Today’s Money

 

 

 

 

I can foresee soon that money as we know it, (That’s our currency, coin and notes), it will go the way of the dinosaur. Even now, I have some small change in my pocket, this same money has been there rattling around for weeks, untouched. I just don’t have the requirement or any way to spend it. Slowly but Surely the need to have and carry ‘cash’ is being turned into an obsolete exercise. It’s role is being taken over by electronic systems. I still have a ‘Cheque Book’ containing 240 forms. It’s about 10 years old, and there are still a quarter of it’s forms left. Today, nearly all our regular transactions from our account are made by an automatic transfer, with only another electronics advice telling me what transaction has taken place. I also have no need even to visit my Bank. I regularly I post in any deposits. Then weekly when at the Super Market, I pay for my groceries with my EF/POS Card. If I require extra money the ‘Check Out’ operator gives me some bank notes, just to pay for incidental expenses just for those folk who have refused to make the change.

 

Our monetary system wasn’t always this way. Even a small Bank not so long ago would be sitting on very large sums of cash, and especially at holiday time. This would be released as a huge pulse come Christmas and other holidays. The money would be out in the real ‘World’ for about three weeks, then it would come flooding back to the Bank, only to be packaged up and returned to the Reserve Bank as fast as possible. Cash as far as any Bank is concerned is an non earning debit.

 

Some folk have strange ideas regarding their cash. even back only thirty or forty years ago. I recall one wealthy lady who regarded me as her personal custodian of her family’s fortune. From time to time she called at the Bank, demanded to physically see her money. I would then approach our Head Teller, who would load up a trolley with a couple hundred thousand Dollars, wheel it over to her where she was waiting in an office. She would then ask, ‘Is this my money?’. ‘All of it?’ I would reply .’Yes’, ‘Do you wish to take it home?’ ‘No’, ‘I just wished to see it’.

 

When credit cards first arrived on our scene they weren’t widely accepted. The Bank of New Zealand did a cold drop. That is, that they sent out cards to each and everyone of their clients. Many then and even today, were people who should never have a card. They are just poor managers of money. They will never change, their spending patterns are always the same, I want it now. They are easy to spot. They can’t wait for some windfall large or small to arrive, they are at the Bank begging to borrow against it’s arrival.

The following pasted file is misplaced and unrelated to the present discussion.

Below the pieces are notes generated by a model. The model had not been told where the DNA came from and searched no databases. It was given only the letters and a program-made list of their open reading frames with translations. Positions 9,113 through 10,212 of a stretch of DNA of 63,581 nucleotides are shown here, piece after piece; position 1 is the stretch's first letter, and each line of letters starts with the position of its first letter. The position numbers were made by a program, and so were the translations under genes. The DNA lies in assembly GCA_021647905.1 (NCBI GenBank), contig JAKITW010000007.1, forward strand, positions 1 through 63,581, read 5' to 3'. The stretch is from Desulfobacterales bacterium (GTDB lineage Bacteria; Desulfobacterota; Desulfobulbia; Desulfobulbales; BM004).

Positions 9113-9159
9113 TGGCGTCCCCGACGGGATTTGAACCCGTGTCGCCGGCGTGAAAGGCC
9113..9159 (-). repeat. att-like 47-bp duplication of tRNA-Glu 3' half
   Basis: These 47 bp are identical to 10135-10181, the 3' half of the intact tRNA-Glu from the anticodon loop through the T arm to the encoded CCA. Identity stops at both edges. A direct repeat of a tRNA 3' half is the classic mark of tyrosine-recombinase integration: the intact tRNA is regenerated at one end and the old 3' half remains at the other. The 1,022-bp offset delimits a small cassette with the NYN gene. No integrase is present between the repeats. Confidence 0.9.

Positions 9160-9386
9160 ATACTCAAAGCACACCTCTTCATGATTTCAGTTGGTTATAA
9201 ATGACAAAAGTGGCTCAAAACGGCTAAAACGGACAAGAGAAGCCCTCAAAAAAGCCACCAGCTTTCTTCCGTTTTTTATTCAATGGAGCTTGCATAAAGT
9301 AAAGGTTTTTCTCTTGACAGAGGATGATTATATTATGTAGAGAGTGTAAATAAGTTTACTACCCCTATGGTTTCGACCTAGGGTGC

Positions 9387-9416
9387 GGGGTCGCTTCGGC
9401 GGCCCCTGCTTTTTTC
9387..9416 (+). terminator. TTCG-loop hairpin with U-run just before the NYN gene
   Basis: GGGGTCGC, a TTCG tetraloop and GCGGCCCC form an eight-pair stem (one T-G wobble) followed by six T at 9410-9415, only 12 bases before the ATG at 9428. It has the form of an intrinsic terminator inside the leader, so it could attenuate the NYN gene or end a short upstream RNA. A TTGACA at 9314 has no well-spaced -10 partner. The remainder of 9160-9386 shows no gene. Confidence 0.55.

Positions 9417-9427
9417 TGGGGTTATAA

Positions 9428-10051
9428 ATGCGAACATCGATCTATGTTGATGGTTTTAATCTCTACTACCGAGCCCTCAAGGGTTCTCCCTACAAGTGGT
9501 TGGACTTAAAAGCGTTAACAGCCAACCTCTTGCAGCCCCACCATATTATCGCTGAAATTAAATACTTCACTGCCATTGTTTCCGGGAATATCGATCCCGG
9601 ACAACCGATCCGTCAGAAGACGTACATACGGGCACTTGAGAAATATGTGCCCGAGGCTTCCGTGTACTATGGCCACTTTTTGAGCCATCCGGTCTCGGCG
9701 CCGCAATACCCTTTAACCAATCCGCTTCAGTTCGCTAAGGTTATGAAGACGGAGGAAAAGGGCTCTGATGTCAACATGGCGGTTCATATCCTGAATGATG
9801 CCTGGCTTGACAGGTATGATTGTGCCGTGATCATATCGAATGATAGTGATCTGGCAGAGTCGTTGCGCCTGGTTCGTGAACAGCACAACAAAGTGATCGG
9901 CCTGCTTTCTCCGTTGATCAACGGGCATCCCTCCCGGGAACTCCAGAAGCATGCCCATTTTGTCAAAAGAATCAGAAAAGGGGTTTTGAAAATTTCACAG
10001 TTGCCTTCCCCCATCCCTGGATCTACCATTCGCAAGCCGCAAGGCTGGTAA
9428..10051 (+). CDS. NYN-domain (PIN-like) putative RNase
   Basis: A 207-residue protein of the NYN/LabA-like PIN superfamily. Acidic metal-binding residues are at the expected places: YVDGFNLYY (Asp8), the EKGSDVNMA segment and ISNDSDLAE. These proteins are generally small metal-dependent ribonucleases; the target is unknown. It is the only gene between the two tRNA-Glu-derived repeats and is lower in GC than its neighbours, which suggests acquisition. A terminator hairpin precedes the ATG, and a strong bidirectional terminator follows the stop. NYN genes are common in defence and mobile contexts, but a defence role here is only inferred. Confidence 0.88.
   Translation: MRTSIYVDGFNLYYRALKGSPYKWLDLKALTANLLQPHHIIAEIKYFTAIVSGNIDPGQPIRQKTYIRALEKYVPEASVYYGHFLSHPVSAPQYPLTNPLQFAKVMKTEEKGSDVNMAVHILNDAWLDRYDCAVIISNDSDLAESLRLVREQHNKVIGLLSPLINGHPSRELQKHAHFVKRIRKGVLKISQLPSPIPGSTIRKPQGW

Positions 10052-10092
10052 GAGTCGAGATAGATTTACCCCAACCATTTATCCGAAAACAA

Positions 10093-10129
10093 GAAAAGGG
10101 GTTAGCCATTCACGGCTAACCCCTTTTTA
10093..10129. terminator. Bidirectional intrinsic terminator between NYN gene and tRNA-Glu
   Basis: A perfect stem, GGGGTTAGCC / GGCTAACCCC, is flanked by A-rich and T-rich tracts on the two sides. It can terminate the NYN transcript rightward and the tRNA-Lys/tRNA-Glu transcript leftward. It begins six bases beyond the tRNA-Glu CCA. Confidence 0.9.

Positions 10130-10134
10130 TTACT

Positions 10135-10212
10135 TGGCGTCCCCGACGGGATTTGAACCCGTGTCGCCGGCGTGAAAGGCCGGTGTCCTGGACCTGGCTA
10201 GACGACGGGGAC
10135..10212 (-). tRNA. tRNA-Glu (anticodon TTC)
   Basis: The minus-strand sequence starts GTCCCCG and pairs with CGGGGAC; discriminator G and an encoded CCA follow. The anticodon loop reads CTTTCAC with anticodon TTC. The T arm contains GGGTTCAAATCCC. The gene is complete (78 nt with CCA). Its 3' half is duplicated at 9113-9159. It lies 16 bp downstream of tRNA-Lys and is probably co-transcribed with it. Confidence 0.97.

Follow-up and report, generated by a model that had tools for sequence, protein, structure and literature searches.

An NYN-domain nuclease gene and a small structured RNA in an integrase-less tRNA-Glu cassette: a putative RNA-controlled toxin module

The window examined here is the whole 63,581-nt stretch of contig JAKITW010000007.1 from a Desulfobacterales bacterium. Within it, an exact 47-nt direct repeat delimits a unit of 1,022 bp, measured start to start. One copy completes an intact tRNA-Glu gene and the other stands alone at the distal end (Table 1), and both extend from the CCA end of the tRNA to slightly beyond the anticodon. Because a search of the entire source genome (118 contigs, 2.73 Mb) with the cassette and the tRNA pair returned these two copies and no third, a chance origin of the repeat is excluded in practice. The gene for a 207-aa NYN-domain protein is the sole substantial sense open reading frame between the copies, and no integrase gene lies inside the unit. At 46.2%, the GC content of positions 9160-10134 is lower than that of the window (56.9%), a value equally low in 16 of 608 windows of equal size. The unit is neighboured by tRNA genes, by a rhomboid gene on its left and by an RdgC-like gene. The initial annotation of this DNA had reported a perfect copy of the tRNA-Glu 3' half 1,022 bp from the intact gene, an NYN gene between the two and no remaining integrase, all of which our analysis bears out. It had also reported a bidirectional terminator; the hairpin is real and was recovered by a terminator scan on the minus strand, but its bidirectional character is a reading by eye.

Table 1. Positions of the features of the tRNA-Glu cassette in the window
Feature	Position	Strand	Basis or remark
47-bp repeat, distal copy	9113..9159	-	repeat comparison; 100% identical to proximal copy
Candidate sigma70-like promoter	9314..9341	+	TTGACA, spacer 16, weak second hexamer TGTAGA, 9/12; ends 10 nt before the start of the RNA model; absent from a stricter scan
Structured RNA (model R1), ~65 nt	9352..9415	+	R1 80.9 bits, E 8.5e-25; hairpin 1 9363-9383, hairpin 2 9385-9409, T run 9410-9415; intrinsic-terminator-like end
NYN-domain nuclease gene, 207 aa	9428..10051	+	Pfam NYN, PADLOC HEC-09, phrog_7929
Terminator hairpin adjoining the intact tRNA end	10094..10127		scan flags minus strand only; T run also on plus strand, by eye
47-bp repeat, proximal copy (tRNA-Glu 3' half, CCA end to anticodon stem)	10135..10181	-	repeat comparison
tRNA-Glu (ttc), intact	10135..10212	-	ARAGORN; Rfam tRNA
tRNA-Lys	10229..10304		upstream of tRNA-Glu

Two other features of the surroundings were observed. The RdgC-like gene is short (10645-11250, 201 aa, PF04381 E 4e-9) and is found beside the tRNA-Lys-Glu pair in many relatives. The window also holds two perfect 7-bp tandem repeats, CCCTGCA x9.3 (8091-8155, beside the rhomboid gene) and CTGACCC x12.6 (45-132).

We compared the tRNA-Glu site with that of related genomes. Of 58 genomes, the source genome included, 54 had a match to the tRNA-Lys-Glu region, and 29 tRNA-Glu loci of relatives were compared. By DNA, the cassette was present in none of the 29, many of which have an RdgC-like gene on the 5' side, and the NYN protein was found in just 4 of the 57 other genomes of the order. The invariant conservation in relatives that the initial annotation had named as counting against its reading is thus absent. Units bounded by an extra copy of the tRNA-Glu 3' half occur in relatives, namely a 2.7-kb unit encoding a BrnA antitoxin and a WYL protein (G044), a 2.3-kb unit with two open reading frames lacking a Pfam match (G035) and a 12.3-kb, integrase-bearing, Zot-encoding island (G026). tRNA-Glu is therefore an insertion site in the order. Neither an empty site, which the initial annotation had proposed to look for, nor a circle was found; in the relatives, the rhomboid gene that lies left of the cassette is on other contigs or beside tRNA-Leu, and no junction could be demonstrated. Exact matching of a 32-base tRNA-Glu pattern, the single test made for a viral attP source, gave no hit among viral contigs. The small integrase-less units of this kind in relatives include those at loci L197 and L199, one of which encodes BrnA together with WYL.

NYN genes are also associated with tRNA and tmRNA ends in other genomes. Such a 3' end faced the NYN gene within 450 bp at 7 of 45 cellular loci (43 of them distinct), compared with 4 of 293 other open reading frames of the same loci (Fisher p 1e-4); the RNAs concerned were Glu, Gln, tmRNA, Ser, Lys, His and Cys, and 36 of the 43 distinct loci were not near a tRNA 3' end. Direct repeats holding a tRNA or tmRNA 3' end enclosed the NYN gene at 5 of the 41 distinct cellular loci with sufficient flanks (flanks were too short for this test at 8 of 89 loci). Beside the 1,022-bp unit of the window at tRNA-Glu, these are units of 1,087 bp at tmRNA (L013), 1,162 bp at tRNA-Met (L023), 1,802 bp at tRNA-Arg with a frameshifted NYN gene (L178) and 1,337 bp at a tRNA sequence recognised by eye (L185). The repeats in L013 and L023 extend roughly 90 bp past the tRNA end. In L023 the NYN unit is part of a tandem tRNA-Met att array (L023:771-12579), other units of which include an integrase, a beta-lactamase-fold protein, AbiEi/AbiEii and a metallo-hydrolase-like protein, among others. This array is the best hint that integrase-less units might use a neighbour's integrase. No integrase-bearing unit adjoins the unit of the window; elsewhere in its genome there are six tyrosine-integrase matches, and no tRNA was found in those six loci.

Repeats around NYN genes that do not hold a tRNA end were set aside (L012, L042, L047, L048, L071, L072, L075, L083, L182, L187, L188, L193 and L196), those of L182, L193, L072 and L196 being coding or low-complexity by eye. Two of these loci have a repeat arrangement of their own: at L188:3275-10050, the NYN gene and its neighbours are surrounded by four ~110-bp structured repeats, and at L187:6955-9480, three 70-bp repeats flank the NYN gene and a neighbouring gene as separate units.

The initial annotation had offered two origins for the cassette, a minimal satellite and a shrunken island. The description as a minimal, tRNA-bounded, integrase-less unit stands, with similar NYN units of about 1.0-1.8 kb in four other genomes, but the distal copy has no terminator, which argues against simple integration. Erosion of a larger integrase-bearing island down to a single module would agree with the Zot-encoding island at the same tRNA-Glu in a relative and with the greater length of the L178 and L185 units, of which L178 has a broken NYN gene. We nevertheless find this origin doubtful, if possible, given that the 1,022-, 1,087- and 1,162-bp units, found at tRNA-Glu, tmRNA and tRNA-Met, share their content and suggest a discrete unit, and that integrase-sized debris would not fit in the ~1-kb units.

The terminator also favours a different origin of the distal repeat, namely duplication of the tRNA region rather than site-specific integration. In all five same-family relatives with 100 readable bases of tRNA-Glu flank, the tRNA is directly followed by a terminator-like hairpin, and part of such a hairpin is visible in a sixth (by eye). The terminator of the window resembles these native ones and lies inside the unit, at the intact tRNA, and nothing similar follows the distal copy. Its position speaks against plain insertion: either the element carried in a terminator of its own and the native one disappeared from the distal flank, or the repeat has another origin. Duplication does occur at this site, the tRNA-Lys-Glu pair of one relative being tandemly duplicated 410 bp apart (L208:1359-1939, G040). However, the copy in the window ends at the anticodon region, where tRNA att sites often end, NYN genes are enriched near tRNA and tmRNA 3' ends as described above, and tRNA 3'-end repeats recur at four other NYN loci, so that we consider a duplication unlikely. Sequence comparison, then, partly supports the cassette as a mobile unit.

Because we never went away at Christmas I was always an easy ‘Mark’ for every sad story that befell people on holiday. I can recall on one occasion when the thousand dollars I had taken home to cover any such contingency was gone. An hungry family then descended on us. All their cash had been spent on car repairs, and now they required cash for food and gasoline, so they could return home. It’s hard to refuse a car load of hungry crying kids. My youngest daughter Beth came to their rescue. On this occasion she opened her large ‘Pink Pig’ Money Box. We were able to extracted some $20 in 50 cent coins, and send them on their way. In all these occasions of helping lame dogs over styles, no one ever let me down. All the cheques I had taken for cash were good.

 

I remember one day while attending a manager’s conference in Wellington. I had just finished lunch, consumed a couple of beers, sitting in the sun I was struggling to stay awake as the business of the conference droned on. Then one bright ‘apple polishing manager’ asked the General Manger, ‘Could he could tell us exactly how we should go about cashing a cheque for a customer of another Branch’. The GM said, ‘Well there is one manager here who lives in a Holiday Resort. He cashes more cheques than this roomful of people put together. I’m sure he doesn’t have any trouble, so I will ask him’. I was wide awake in a flash when the spot light pointed at me. I said, ‘I now know why you are our GM’. ‘There is no perfect system. Most people are honest, and their mode of dress counts for nothing. I once knew a Multi millionaire who dressed appallingly, and even tied up his pants with binder twine’. ‘All I required was some identification, and them it actually comes down to personal judgement’.